Friends of the Earth and local land owners challenged mining leases granted under the Mineral Resources Act 1989 (Qld) for the development of a new “mega” coal mine in Queensland, Australia, as well as the draft conditions for an environmental authority to operate the mine which were proposed by the relevant Minister under the Environmental Protection Act 1994 (Qld). While the claims made by landowners focused on the local impacts of the mine, such as potential water contamination and sound levels, Friends of the Earth argued that the lease and environmental authority should not be granted on the basis that the project will contribute to climate change and ocean acidification. The proponent for the proposed mine, Xstrata Coal, argued that they were under no obligation to disclose the “Scope 3” emissions of a project during the environmental impact assessment process. Scope 3 emissions include indirect GHG emissions which occur at sites away from the mine, such emissions from transporting the coal and from its end-use in electricity production. Friends of the Earth argued that these scope 3 emissions must be considered when assessing the potential environmental impact of the mine. The Court held that it could only consider the environmental impacts of the mine itself, and not of other activities such as the transport of coal or its end-use. In addition, it held that while the direct GHG emissions of the mine may contribute to climate change, that this should not outweigh all other considerations in the assessment process for the mine, such as the potential economic benefit to the State of Queensland. The Court recommended that the approvals necessary for the mine be issued.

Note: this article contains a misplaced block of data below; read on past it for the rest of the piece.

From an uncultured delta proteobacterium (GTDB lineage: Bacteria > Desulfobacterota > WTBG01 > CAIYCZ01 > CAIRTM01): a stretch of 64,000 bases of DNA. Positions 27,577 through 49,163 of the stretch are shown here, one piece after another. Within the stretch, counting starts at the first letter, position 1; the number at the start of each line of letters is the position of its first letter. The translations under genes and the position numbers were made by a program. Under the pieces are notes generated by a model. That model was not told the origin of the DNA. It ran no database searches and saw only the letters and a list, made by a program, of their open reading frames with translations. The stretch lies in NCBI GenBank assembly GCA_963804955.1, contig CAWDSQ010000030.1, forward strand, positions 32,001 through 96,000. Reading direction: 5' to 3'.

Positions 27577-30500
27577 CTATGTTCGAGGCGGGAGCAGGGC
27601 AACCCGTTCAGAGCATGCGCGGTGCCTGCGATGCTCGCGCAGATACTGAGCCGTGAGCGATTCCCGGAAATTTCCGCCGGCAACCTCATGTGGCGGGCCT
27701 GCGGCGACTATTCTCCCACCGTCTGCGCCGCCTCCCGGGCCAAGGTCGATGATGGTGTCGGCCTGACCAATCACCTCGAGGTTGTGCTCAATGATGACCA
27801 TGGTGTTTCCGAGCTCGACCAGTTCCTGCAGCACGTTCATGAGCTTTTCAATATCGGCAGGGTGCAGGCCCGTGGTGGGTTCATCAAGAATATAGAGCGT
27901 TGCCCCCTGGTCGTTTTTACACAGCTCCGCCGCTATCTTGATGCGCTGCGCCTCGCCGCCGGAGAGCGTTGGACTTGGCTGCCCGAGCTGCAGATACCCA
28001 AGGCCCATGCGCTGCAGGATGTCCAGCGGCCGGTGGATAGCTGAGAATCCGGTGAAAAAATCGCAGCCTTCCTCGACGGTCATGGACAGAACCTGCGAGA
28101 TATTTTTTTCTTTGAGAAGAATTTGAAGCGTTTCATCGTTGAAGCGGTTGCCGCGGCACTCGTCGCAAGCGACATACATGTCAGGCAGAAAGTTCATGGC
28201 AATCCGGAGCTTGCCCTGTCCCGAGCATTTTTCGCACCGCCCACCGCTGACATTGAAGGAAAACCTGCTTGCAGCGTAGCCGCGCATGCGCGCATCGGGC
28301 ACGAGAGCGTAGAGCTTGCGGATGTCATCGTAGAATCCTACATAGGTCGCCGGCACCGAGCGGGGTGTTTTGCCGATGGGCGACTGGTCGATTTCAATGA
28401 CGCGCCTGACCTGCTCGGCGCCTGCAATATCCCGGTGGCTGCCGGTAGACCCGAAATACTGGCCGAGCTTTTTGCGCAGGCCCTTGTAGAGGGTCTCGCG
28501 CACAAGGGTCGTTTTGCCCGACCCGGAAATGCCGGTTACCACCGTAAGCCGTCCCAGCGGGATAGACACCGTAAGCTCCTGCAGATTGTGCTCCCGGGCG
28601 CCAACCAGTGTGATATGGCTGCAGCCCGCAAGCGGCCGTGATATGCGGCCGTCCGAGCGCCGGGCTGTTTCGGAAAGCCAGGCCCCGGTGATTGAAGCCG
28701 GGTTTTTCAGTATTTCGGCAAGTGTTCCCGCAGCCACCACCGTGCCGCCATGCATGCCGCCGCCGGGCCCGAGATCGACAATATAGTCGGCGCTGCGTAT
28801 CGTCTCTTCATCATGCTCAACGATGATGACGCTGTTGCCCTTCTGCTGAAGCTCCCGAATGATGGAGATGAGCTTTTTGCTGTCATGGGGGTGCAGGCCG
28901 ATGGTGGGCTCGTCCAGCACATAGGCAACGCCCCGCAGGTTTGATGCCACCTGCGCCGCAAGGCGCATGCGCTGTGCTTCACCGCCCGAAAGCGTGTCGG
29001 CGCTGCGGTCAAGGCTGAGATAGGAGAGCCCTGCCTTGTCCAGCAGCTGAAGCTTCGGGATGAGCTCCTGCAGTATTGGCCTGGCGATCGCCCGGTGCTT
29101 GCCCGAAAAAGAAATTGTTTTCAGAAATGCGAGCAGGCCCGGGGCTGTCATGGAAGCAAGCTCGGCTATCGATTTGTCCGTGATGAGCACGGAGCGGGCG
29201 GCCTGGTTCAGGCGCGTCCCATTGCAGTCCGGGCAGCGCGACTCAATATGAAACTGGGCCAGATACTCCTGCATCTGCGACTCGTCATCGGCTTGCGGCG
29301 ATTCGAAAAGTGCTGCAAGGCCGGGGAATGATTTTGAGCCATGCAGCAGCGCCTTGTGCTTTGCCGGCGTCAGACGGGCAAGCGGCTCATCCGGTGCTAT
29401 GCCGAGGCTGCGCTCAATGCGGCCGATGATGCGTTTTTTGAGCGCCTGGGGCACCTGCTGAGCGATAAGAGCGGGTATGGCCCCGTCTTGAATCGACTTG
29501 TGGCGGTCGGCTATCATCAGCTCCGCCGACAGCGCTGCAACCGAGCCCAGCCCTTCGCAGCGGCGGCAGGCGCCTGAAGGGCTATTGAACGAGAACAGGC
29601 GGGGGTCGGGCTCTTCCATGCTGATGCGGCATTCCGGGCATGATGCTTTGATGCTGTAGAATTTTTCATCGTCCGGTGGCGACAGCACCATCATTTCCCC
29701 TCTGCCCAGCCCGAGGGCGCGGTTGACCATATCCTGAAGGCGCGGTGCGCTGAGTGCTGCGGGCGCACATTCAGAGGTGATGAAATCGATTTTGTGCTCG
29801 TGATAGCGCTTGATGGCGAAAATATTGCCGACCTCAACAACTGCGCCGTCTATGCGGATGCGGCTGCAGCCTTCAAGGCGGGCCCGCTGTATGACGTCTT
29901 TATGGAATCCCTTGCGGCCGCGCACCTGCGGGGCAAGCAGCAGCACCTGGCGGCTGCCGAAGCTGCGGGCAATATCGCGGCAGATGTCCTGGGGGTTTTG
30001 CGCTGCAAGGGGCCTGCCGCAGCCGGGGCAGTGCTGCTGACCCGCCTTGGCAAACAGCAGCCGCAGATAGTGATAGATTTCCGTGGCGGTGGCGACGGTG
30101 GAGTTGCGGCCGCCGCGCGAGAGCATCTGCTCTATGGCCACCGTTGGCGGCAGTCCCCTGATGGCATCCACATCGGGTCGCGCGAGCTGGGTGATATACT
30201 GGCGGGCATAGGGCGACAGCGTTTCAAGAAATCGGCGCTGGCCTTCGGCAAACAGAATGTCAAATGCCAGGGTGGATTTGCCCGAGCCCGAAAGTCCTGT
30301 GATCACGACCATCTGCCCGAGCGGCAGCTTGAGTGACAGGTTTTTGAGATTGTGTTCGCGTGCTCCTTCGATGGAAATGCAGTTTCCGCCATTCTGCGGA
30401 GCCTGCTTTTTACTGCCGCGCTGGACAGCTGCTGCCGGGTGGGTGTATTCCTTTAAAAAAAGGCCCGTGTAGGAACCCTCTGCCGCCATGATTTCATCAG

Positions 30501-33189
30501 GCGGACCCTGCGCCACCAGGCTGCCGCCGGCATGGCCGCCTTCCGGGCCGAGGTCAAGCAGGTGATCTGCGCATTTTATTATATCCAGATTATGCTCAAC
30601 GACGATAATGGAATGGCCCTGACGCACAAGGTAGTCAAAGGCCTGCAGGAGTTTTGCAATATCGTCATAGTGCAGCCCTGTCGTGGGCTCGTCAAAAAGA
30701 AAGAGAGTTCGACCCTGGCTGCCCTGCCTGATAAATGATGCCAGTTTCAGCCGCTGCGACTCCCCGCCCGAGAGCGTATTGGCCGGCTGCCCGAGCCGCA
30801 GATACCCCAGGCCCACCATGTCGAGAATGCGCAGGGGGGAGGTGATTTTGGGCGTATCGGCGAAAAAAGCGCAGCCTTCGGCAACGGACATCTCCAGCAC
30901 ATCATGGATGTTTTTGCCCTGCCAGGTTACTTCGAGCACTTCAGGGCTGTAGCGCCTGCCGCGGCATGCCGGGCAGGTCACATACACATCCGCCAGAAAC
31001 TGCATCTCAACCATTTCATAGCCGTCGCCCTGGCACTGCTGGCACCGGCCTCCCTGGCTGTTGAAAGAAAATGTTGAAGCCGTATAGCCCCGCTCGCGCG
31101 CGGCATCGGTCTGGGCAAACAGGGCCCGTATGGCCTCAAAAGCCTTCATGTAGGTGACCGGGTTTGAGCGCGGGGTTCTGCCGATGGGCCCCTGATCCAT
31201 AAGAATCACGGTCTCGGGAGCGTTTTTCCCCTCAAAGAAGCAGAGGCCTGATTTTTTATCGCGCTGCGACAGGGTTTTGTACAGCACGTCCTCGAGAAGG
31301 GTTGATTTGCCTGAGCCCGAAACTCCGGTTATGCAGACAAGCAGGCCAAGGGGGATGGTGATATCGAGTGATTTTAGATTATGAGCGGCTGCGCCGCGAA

|03/27/2012||Decision||Download||No summary available.|